Also… now that I’ve got your attention… Cognifide’s PowerShell Console 2.0 FINAL is now available on Sitecore Marketplace. Get your copy and… Happy Scripting!

# Script configuration
# --------------------

$sitemapUrl = "http://www.cognifide.com/sitemap";

$prefix = "http://www.cognifide.com/";
$postfix = ".aspx$"

$createAt = "master:/content/Home/"
$itemTemplate = "/templates/Sample/Sample Item"

#                    
# Script starts here 
# ------------------                   

# function to create items (creates parent recursively if needed)
function CreateItem ([string]$itemName) {
  $fullPath = "$createAt\$itemName"
  $parentPath = Split-Path $itemName -parent
  if(-not (Test-Path "$createAt\$parentPath")){
    if($parentPath.Length -gt 2){
      CreateItem $parentPath
    }
  }
  if(-not (Test-Path "$fullPath")){
    "Creating $fullPath"
    $item = New-Item -ItemType $itemTemplate -Name $itemName -Path $createAt
    $item."__Display name" = $itemName -split '[\\/]' | `
      Select -last 1 | `
      ForEach-Object { $_ -replace "-", " " }
  }
}

# Get the sitemap
[xml]$w = (new-object net.webclient).DownloadString($sitemapUrl);

# Get the urls frm the xml
$locations = $w.urlset.url | `
             Where-Object {$_.loc -match $prefix} | `
             Select-Object `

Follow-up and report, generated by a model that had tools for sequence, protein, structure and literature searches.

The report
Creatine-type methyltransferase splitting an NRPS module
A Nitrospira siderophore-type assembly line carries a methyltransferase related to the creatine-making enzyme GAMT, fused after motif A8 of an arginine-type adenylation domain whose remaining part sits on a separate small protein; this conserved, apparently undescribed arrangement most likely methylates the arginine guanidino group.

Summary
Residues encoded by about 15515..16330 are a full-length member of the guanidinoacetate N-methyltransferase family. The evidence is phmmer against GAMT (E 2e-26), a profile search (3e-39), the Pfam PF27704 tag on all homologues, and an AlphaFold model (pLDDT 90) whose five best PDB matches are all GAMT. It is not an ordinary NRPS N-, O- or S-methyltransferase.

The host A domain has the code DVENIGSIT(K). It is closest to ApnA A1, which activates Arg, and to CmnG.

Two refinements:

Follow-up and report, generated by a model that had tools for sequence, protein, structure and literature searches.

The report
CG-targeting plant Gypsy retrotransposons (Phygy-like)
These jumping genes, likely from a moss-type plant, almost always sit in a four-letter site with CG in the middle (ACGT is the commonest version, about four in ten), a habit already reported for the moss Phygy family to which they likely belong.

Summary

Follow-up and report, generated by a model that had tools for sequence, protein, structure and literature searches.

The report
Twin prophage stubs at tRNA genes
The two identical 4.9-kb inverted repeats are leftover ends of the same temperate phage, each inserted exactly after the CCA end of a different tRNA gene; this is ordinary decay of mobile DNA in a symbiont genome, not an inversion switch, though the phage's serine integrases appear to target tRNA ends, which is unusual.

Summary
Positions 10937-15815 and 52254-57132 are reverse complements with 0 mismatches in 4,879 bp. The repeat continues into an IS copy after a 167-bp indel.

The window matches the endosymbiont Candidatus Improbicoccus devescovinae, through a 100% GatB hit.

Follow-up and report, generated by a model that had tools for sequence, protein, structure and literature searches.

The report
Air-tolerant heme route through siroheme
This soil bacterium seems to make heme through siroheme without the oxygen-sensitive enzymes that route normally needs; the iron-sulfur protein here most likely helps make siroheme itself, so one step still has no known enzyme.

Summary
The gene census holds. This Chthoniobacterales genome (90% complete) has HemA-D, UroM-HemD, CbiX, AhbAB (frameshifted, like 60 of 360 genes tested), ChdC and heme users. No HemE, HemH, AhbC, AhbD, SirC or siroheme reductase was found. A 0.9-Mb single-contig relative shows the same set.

loc, `
               @{Name="Path"; `
                 Expression = {$_.loc -replace $prefix,"" -replace $postfix,""}}

# send url's for creation
$locations | % { 
  $name = $_.Path.Trim('/')
  if(-not (Test-Path "$createAt/$name")){
    CreateItem $name
  }
}


Enjoy!

Posted in Code Samples, Downloadable, PowerShell, Sitecore, Software, Software Development, Solution, Web applications
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React to Sitecore events with PowerShell scripts

PsRocket Kieranties must be the biggest PowerShell nerd (together with yours truly) I’ve had a privilege to chat with (I guess this implies I talk to myself?). So it shouldn’t be a surprise when the two started talking PowerShell/Sitecore pixie dust started sparkling.

This time – events integration.

What does it take to integrate PowerShell with Sitecore events?

This is a fairly easy task that Sitecore pretty thoroughly describes in the “Using Events” SDN article. So there is little point for me to reiterate it here.

The integration requires to add some entries to the include files. I’ve added definitions for most of the item related events to the Cognifide.PowerShell.config file, but commented them out, because I don’t want you to have any performance penalty associated with the PowerShell Console installation and by default it has some scripts defined for you to try out.. All you need to do to enable it is to uncomment the <events> section of the config file and scripts will start firing up.

Implementation is pretty straightforward – the console has well defined place within its script libraries where your scripts should be placed: